Rome, Carthage and the Struggle for the Mediterranean
A vivid and fascinating study of the conflict between Rome and Cathage which changed the course of world history.
The Punic Wars (264-146BC) sprang from a mighty power struggle between two ancient civilisations - the trading empire of Carthage and the military confedoration of Rome. It was a period of astonishing human misfortune, lasting over a period of 118 years and resulting in the radical depletion of Rome's population and resources and the complete annihilation of Carthage. All this took place more than 2,000 years ago, yet, as Nigel Bagnall's comprehensive history demonstrates, the ancient conflict is remarkable for its contemporary revelance.
“A serious and well-informed book on the wars between Rome and Carthage...it is, however, not simply a piece of disinterested research but a tale with a moral for current politics...On the interplay of strategic and operational decisions, on the risks of politics in time of war, on the importance of morale: this book gives much food for reflection.”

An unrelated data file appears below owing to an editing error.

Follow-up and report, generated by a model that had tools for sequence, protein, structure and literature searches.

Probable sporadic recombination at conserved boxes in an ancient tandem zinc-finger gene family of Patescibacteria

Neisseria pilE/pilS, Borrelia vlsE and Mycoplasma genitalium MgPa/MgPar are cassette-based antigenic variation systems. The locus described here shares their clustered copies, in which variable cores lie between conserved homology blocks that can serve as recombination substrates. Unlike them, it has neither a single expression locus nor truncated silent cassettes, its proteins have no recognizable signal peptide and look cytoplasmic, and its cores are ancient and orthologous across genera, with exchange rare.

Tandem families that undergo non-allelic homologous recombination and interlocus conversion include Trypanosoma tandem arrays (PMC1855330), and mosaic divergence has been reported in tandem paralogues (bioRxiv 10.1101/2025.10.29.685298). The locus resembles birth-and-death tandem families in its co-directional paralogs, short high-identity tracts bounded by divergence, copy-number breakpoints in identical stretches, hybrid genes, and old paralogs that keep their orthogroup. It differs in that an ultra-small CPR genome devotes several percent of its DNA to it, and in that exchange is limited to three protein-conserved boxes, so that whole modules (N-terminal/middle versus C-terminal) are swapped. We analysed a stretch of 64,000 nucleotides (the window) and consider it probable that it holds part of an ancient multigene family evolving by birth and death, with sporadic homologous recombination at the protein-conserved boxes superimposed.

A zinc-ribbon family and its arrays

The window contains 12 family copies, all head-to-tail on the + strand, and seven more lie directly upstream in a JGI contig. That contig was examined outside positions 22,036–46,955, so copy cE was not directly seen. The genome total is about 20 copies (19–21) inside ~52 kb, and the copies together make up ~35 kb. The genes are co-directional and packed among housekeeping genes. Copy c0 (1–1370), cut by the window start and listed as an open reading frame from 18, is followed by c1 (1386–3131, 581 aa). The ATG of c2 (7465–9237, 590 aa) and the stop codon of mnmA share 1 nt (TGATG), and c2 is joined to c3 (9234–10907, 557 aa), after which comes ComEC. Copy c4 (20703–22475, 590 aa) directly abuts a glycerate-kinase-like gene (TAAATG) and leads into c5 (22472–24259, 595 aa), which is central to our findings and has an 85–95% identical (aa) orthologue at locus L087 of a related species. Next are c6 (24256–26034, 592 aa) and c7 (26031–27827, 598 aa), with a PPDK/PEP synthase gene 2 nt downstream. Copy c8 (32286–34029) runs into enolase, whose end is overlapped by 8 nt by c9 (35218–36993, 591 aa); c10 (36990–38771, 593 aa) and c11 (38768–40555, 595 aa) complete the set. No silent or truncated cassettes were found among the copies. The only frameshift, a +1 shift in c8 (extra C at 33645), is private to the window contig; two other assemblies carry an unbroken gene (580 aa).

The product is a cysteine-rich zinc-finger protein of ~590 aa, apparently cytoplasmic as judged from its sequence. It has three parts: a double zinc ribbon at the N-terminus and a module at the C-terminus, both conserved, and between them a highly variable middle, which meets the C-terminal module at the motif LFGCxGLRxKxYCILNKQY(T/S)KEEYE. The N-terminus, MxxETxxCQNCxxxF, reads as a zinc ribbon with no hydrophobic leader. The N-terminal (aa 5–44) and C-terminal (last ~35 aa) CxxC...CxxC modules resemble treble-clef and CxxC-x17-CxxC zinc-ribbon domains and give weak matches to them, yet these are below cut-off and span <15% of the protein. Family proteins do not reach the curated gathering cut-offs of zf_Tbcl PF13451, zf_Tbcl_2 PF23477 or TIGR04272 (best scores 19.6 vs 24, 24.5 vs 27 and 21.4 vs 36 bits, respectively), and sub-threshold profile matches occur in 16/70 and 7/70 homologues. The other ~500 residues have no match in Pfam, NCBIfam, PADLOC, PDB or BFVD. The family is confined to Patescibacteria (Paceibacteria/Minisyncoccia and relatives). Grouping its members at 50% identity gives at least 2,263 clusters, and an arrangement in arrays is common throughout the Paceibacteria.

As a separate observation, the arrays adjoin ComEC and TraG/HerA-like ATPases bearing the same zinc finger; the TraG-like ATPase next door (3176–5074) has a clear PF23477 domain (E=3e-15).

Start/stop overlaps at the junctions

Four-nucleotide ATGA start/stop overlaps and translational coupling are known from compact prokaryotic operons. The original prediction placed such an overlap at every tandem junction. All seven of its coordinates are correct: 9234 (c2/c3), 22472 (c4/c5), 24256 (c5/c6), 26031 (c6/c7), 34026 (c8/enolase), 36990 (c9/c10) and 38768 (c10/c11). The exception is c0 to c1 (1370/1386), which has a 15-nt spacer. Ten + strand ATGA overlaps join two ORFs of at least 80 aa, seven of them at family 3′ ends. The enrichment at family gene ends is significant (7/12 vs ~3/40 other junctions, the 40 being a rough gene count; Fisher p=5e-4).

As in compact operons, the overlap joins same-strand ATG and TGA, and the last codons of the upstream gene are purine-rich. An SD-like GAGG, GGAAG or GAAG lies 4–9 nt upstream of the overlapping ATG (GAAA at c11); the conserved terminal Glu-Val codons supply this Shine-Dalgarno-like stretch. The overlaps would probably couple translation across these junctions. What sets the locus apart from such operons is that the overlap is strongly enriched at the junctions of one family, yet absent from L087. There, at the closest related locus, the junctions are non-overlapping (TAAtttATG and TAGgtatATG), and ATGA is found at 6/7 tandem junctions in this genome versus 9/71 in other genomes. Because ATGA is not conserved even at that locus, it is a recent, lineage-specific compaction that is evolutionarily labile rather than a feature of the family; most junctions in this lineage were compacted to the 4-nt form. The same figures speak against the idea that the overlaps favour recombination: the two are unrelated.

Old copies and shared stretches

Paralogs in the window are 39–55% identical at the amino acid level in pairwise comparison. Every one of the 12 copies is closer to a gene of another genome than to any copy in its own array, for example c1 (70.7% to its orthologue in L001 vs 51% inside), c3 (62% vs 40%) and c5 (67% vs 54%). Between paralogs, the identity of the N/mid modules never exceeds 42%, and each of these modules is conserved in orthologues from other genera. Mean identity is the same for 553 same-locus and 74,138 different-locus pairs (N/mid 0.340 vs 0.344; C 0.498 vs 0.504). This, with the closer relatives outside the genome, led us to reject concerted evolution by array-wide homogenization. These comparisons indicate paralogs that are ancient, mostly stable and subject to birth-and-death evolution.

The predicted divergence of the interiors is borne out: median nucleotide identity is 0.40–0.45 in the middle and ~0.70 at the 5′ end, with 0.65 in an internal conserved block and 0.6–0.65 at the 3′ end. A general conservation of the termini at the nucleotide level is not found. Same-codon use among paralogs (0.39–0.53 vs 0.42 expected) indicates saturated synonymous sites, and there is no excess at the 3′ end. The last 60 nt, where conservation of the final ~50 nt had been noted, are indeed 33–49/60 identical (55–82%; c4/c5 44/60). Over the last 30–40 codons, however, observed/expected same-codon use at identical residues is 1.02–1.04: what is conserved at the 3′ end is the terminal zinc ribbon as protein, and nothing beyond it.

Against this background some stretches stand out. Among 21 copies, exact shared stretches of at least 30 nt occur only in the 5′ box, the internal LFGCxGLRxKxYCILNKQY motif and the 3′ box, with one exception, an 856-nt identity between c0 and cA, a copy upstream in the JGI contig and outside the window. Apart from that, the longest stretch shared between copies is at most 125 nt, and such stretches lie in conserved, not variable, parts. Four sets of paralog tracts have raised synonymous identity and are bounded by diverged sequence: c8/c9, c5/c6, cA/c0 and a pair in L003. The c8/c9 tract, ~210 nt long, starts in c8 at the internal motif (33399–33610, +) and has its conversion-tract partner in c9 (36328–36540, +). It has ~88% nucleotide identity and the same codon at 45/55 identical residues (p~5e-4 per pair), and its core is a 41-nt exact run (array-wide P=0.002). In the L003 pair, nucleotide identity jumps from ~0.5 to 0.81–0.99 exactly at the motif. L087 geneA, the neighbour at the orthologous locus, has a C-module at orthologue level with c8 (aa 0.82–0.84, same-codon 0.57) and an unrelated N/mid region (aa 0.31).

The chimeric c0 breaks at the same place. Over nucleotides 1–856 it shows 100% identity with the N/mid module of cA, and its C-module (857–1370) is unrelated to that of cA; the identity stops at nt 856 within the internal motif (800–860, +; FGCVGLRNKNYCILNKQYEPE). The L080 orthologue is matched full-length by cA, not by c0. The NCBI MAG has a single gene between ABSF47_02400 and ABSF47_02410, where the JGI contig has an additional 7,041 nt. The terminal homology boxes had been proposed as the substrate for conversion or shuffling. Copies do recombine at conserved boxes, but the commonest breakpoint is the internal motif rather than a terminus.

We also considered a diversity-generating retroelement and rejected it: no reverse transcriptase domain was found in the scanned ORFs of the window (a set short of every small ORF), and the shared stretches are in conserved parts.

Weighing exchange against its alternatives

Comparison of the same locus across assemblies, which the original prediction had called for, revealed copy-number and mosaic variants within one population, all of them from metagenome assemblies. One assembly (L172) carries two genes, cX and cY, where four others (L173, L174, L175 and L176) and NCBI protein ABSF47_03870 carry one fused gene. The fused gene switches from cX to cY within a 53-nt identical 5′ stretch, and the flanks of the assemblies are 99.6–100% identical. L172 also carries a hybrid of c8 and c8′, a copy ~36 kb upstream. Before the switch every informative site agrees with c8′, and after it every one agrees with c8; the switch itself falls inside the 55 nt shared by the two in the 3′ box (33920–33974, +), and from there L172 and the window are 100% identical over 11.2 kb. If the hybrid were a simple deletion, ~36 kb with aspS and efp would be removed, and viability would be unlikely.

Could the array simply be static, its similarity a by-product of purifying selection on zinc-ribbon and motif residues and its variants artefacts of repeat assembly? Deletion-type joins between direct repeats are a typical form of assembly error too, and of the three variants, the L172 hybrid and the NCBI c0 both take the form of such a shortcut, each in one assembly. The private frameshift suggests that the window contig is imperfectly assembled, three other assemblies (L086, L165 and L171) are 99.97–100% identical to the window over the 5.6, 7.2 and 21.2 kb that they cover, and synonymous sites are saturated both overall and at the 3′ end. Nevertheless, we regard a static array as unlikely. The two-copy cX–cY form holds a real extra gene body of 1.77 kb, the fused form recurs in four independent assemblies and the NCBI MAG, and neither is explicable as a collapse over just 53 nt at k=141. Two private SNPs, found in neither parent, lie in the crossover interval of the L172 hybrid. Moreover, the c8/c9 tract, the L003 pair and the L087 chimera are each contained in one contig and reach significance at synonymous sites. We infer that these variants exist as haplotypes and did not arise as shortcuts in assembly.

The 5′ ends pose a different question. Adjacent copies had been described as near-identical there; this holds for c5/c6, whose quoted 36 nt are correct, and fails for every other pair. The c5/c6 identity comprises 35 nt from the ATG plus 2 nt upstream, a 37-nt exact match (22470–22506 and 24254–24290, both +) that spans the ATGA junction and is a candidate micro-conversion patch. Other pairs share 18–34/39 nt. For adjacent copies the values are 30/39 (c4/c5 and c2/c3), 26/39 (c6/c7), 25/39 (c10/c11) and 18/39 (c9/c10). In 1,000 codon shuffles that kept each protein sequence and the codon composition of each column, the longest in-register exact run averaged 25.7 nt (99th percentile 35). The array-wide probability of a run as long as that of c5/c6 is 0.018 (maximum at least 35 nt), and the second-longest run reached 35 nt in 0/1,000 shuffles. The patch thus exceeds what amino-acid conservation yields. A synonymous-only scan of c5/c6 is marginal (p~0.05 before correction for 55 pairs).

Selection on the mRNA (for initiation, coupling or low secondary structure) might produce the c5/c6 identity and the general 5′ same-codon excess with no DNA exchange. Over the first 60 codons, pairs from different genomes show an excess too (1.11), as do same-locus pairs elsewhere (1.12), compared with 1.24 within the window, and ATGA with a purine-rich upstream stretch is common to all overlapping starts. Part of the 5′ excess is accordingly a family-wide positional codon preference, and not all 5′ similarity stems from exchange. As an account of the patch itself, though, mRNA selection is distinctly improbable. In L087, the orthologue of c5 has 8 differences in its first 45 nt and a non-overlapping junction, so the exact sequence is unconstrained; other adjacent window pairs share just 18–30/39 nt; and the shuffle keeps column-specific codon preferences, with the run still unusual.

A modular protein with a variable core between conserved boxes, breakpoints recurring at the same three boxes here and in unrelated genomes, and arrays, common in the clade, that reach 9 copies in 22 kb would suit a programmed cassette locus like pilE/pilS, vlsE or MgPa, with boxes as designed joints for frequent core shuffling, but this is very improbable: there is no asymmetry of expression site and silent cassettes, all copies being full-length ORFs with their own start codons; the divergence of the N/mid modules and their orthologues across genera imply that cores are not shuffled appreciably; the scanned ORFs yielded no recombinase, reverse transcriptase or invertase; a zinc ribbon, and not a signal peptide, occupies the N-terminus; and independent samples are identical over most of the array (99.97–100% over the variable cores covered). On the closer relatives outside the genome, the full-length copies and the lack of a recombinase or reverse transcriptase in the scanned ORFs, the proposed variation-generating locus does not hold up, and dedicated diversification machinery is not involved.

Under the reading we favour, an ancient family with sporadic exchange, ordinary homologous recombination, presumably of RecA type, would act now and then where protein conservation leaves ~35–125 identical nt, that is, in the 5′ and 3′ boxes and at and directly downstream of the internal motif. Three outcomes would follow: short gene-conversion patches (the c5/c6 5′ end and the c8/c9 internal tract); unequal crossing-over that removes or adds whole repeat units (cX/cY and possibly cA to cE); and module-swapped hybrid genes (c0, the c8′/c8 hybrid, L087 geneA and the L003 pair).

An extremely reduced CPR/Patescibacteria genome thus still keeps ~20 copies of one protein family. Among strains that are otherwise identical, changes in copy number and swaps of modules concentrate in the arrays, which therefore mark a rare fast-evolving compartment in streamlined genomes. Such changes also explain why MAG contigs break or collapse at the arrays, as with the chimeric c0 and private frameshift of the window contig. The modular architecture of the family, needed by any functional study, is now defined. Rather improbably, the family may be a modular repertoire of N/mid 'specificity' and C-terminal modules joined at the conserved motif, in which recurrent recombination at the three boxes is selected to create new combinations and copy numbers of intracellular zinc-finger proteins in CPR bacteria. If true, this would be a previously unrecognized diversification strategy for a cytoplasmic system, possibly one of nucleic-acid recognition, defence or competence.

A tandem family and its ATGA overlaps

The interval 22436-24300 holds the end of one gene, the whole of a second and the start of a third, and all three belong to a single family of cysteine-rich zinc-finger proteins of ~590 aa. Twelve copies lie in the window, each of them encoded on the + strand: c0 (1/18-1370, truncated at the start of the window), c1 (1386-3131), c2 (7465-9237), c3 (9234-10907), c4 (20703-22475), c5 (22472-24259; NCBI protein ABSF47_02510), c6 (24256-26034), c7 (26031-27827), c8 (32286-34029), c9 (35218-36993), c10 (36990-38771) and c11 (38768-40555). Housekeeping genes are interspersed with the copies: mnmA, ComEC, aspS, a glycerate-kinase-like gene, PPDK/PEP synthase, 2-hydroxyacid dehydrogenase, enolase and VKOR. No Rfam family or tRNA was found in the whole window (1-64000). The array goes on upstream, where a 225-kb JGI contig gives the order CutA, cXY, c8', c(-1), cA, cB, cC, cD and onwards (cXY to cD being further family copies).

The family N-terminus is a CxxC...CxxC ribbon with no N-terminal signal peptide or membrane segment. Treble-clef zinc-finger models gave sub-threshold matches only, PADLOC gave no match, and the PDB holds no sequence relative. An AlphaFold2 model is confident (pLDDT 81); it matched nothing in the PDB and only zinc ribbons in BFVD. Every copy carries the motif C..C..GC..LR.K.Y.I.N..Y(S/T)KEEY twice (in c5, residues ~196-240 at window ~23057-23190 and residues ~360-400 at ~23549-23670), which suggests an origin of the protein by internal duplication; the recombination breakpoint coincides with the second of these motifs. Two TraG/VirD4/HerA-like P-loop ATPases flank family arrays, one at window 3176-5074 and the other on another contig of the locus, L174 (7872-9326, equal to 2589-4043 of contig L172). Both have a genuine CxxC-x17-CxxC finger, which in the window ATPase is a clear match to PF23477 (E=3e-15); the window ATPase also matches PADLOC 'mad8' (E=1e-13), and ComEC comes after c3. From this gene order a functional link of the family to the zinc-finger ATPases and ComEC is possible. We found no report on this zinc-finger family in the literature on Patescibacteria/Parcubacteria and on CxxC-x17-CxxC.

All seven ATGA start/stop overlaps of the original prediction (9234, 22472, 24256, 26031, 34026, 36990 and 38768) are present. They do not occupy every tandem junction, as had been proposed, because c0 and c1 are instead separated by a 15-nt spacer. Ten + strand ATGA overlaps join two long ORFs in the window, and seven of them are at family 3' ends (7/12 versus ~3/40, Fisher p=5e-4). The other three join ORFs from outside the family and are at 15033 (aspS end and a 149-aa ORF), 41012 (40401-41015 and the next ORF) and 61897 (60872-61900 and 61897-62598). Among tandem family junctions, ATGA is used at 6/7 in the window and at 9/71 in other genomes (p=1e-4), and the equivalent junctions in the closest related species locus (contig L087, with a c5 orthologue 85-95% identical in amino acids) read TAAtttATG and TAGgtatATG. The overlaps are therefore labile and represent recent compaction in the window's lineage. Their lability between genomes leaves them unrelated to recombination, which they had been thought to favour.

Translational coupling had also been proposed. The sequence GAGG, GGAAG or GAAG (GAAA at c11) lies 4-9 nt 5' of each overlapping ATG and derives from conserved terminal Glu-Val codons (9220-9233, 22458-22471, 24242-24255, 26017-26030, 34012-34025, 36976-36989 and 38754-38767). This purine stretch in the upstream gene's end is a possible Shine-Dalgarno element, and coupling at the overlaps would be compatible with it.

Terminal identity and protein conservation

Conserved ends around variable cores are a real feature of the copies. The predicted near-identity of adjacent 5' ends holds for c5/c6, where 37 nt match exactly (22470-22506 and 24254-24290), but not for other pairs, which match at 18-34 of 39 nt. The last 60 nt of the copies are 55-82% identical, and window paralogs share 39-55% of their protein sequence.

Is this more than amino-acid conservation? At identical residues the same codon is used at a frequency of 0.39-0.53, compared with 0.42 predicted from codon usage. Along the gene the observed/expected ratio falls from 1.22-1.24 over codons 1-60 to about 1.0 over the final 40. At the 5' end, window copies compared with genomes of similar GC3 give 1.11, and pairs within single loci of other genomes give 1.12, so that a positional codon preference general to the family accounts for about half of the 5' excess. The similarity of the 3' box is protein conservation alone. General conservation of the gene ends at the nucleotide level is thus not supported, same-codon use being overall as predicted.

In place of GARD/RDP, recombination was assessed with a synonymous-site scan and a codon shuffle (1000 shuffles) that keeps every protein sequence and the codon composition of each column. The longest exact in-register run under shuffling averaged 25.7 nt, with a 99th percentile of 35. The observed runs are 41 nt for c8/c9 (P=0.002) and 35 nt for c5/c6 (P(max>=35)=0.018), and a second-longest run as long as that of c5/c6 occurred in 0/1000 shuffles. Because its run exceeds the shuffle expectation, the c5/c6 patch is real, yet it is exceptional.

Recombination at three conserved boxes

“Hannibal and his elephants and, perhaps, Flaubert's Salammbô in all its cruel, vivid colours form the sum of most people's knowledge of those ancient wars that set Rome on its path to imperial domination...Now here is a British Field-Marshal concentrating his skilss on the Punic Wars...By choosing to write about wars as distant from modern technology as it is possible to be he avoids clutter and can concentrate on the essentials of any study of warfare - strategy and tactics. His book is to be commended...It is a fine piece of military and political history...a clear and convincing account of what happened, devoid of any high-flown romanticism...He constructs his analysis in such a way as to demonstrate that what happened...might just happen again.”